3

Suppose I meet somebody on Monday morning; when I am departing, I say "See you later."

Does that mean I will see again that person during the day?
If that is what would be understood, what should I say when I am not sure when I am going to see again that person?

4

No, 'see you later' simply means at a time that is later than now.

You are more likely to use differentiation in the opposite situation, i.e. when you know you will be seeing someone at a certain time. In those instances you could use variants such as:

See you later this afternoon.
See you later tonight.

However, you wouldn't use this if the next time you were to see the other person is beyond today, so 'See you later tomorrow' or 'See you later next week' wouldn't work.

  • I'd agree, but generally I'd expect "see you this afternoon" unless it was already the afternoon (eg "see you later this afternoon" may make sense if it's currently 1pm, and I expect to see you at 5pm) – Jon Story Dec 30 '15 at 17:05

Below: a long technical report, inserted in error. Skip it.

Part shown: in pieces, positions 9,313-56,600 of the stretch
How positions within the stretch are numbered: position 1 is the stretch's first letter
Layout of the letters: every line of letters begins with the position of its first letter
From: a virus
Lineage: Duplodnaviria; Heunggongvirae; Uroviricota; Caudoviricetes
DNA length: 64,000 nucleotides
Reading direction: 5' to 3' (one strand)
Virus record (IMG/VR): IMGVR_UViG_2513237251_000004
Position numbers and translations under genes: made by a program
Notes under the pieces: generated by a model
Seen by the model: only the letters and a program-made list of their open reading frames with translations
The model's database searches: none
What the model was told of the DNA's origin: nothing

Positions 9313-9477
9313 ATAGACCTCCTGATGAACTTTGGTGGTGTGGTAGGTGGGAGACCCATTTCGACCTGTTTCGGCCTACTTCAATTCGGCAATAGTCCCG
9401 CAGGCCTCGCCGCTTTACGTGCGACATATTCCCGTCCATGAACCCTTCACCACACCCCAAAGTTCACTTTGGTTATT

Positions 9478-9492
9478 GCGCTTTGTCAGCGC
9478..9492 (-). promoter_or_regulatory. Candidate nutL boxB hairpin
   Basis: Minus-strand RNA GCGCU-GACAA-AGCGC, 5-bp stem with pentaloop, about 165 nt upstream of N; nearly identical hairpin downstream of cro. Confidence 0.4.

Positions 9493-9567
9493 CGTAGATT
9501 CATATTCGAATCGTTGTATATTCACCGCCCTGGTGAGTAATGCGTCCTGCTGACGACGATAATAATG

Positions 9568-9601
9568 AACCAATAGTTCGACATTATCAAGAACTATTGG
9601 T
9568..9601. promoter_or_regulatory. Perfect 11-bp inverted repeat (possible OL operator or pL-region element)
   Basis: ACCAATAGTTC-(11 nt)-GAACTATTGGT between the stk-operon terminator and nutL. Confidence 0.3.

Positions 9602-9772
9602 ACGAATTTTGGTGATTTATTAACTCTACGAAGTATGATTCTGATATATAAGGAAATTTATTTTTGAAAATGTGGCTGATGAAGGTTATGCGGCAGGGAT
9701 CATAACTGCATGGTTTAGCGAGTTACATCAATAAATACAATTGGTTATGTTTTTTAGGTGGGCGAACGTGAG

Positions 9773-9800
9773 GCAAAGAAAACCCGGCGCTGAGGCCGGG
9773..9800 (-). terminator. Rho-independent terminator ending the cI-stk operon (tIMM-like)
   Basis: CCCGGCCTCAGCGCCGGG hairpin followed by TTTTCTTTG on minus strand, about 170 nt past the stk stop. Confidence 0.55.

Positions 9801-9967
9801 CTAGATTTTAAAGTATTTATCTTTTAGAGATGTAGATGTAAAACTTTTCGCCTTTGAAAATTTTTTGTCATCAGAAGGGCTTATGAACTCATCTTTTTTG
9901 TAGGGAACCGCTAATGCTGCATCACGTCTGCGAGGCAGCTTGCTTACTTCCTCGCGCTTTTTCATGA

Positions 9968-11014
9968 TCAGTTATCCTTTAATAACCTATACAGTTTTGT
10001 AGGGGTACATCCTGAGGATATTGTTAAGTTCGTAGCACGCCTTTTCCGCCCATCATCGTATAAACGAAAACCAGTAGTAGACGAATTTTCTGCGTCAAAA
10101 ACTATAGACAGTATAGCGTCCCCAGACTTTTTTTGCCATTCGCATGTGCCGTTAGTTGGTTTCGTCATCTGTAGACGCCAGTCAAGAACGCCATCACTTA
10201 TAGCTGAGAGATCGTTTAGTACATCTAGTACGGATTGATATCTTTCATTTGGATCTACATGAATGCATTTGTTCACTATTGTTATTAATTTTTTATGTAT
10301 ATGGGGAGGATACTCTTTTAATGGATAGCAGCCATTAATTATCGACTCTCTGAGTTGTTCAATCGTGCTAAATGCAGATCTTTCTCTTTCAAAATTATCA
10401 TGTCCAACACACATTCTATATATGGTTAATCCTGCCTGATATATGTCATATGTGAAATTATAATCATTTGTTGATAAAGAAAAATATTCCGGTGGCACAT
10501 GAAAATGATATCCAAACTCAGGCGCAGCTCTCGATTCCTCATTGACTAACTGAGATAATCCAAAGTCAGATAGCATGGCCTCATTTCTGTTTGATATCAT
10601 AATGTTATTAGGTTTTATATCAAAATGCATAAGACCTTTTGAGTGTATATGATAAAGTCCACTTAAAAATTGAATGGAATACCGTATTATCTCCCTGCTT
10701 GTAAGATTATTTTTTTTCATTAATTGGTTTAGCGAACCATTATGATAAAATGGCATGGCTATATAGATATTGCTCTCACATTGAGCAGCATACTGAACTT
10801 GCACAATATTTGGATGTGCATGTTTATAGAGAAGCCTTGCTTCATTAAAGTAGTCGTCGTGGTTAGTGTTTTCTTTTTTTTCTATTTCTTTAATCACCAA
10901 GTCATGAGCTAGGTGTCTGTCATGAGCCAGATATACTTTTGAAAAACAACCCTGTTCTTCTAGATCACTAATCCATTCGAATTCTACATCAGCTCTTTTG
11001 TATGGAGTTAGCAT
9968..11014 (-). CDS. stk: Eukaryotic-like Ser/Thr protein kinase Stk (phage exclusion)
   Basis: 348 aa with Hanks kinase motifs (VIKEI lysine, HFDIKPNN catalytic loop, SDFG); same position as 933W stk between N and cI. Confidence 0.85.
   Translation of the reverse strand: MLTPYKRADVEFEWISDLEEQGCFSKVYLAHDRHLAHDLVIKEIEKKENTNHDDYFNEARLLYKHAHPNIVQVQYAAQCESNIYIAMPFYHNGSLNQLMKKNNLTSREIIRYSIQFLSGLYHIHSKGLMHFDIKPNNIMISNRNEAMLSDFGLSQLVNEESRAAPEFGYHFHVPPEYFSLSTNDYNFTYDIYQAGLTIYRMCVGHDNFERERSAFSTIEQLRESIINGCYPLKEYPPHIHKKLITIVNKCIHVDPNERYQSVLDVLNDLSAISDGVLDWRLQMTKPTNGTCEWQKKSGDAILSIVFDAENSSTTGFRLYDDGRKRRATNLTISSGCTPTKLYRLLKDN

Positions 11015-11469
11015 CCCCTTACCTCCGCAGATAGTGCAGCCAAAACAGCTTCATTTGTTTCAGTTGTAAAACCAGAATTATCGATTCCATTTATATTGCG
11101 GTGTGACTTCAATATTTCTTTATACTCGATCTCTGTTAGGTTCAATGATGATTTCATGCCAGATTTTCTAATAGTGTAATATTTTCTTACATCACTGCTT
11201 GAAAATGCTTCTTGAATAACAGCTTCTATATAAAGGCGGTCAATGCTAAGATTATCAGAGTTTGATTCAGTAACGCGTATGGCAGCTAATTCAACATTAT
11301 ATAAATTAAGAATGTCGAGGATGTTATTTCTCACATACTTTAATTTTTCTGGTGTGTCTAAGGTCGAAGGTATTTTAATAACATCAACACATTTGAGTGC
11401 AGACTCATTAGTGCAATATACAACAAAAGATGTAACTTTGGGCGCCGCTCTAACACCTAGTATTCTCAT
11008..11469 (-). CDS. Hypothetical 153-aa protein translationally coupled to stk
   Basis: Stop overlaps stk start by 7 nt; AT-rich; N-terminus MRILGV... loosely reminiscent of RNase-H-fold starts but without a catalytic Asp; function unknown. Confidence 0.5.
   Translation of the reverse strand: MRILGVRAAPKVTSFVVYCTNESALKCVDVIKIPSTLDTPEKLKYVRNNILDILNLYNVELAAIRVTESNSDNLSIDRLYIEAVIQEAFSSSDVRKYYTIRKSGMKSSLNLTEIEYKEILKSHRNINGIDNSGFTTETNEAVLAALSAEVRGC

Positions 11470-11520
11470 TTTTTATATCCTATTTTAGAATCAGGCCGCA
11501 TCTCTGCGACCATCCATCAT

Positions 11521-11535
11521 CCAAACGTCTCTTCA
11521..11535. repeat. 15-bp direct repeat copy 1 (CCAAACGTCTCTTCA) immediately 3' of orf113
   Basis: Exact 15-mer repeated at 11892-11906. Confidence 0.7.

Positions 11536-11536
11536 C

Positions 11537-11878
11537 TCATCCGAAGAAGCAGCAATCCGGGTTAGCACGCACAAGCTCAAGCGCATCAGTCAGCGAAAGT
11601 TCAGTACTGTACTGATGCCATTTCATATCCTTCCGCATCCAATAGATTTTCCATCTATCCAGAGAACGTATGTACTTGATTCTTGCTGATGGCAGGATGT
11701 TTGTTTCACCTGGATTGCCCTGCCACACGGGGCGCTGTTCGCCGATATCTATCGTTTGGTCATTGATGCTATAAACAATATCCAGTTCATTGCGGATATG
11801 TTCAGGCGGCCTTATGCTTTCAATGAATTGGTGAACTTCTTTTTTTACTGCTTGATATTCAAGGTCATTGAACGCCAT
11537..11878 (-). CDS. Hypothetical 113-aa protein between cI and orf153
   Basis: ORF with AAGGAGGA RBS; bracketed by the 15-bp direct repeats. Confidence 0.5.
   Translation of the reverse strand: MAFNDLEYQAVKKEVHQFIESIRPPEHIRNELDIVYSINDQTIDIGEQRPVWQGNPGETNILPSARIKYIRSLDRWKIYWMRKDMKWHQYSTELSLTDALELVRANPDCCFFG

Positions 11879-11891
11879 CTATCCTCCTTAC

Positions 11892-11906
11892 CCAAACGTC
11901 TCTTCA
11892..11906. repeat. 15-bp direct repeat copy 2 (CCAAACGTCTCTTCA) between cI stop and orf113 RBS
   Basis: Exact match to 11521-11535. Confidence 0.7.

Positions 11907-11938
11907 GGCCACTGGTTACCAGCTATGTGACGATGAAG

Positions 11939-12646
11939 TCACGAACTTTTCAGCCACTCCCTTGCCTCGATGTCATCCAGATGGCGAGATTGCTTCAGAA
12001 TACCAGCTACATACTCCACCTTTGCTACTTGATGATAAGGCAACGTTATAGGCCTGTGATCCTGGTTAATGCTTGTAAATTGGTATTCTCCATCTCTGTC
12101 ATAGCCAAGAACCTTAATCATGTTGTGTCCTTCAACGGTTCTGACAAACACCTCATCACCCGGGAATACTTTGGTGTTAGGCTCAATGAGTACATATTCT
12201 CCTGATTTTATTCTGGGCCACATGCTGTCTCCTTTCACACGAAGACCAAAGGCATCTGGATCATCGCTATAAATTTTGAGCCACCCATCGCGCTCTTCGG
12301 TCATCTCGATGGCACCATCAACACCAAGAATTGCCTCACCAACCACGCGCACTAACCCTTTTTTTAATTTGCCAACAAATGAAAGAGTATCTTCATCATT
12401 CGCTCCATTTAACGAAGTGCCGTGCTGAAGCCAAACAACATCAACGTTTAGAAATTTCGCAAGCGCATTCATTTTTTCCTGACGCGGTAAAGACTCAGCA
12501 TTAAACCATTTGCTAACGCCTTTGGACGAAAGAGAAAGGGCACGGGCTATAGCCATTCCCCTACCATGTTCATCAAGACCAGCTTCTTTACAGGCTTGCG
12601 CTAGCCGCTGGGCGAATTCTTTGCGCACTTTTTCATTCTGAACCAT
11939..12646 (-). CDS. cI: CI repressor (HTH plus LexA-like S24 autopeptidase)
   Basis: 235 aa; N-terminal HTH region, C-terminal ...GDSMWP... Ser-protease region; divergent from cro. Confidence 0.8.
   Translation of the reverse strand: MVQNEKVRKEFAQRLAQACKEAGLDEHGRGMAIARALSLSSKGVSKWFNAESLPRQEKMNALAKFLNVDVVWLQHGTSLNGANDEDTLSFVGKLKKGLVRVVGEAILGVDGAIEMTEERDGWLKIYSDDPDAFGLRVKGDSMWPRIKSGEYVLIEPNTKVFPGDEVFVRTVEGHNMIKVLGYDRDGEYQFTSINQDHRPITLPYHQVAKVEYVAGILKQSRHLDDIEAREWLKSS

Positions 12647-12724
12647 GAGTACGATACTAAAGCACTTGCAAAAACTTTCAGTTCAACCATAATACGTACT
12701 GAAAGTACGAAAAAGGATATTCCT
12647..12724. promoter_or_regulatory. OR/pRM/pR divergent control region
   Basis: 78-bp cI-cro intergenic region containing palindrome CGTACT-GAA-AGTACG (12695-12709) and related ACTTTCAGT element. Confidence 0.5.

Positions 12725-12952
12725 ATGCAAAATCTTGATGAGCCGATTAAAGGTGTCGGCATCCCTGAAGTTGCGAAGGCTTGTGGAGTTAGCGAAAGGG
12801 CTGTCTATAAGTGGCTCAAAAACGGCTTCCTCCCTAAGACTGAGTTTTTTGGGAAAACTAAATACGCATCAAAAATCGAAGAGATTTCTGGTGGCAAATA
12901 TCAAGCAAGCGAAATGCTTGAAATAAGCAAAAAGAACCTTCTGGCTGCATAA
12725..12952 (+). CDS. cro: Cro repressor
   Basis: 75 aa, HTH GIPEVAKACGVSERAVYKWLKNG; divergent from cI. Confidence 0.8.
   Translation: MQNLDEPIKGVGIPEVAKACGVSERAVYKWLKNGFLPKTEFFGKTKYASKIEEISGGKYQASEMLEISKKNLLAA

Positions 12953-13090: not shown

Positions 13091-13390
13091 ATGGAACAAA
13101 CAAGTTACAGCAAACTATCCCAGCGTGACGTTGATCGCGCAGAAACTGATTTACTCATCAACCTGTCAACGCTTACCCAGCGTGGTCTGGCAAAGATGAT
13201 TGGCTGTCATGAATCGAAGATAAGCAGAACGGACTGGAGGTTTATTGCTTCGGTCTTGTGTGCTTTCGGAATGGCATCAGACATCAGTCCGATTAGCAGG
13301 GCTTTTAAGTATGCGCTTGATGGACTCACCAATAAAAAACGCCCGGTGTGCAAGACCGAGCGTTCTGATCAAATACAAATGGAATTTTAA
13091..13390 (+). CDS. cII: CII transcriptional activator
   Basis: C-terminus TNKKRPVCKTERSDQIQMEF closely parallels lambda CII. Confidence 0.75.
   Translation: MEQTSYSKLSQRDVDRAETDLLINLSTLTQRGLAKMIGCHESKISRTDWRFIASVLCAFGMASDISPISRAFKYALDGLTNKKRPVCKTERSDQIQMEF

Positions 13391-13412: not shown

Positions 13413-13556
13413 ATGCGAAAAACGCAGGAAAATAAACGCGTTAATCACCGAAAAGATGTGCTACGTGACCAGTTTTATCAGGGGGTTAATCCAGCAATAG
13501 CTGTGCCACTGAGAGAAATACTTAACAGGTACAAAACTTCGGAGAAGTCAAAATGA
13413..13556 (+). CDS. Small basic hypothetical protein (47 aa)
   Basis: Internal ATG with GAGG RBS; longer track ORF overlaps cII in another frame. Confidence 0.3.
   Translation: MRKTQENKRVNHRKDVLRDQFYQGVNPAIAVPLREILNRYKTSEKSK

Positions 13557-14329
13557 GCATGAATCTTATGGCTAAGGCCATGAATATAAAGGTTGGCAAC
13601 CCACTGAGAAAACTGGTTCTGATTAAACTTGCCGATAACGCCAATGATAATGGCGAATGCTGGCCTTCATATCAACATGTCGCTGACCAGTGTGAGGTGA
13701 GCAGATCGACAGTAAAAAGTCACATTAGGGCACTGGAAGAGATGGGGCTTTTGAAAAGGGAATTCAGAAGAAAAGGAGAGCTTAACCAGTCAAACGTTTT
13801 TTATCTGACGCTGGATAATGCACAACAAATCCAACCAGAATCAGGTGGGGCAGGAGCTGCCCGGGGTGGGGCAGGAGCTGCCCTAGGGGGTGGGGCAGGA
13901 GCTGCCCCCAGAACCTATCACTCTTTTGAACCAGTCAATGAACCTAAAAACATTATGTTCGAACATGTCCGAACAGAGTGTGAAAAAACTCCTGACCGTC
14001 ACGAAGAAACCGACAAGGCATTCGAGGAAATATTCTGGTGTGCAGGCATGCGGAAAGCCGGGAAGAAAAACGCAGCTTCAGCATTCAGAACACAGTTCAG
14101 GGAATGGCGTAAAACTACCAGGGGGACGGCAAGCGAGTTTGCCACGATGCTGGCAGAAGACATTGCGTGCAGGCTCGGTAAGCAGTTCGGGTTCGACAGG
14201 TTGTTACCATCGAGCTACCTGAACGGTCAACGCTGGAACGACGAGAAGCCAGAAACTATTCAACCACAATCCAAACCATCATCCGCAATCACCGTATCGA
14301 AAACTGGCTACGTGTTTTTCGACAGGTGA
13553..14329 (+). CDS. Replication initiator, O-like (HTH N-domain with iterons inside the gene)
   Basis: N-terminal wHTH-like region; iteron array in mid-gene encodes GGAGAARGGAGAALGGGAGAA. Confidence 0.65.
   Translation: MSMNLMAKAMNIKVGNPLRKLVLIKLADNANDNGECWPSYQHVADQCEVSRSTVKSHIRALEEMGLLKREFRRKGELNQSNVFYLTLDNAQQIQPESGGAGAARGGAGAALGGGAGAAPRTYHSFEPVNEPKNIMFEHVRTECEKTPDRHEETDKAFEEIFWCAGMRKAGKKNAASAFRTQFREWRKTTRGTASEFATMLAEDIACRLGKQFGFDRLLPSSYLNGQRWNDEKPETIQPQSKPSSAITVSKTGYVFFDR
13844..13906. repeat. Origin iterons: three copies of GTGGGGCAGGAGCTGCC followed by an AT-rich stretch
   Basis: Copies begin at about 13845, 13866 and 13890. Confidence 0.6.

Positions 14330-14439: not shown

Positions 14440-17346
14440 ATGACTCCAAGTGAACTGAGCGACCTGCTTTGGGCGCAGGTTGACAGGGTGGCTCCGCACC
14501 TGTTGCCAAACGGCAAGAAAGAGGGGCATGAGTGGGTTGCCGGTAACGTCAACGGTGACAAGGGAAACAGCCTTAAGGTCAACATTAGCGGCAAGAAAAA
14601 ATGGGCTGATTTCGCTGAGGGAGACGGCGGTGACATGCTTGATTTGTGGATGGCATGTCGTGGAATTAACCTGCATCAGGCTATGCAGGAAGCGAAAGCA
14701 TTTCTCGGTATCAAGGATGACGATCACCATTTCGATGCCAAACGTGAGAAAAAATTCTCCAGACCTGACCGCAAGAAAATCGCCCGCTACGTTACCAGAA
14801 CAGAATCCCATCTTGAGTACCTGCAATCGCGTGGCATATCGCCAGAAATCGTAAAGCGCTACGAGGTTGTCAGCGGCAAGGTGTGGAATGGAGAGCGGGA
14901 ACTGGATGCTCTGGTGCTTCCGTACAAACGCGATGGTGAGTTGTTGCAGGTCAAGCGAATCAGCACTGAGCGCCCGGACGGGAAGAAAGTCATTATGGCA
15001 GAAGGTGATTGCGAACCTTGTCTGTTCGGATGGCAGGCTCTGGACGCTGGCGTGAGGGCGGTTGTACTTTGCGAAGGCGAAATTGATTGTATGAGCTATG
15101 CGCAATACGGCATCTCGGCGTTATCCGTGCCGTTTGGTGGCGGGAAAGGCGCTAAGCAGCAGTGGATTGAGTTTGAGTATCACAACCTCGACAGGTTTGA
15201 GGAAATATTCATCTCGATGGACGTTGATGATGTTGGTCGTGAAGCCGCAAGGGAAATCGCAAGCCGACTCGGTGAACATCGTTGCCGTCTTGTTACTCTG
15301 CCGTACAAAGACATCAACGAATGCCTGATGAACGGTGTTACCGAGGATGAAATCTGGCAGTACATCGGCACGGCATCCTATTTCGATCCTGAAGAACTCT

2

No, it doesn't imply anything but "So long". It's just a standard formulaic valediction when departing, much as "Hi, how're you doing?", a standard formulaic salutation when first meeting, implies nothing but "Hello": it's not a real question.

OTOH, if you normally see the valedictorian later in the day most days, say, for coffee or lunch or dinner, then it might mean something specific to you, and if you won't be free, you probably will want to say something about that.

  • I'm afraid I don't understand your second paragraph at all. What are you saying again? – Em1 Apr 5 '13 at 9:56
  • @Em1: "If you usually see the person who said 'See you later' [that's the "valedictorian"] later in the day, for coffee or lunch or dinner, then, 'See you later' might actually mean something for you and that person. Therefore, you will probably want to say something like 'I have to go to the dentist at noon, so I can't make it to lunch today' [or whatever]". Does this clear up the confusion? – user264 Apr 5 '13 at 10:04

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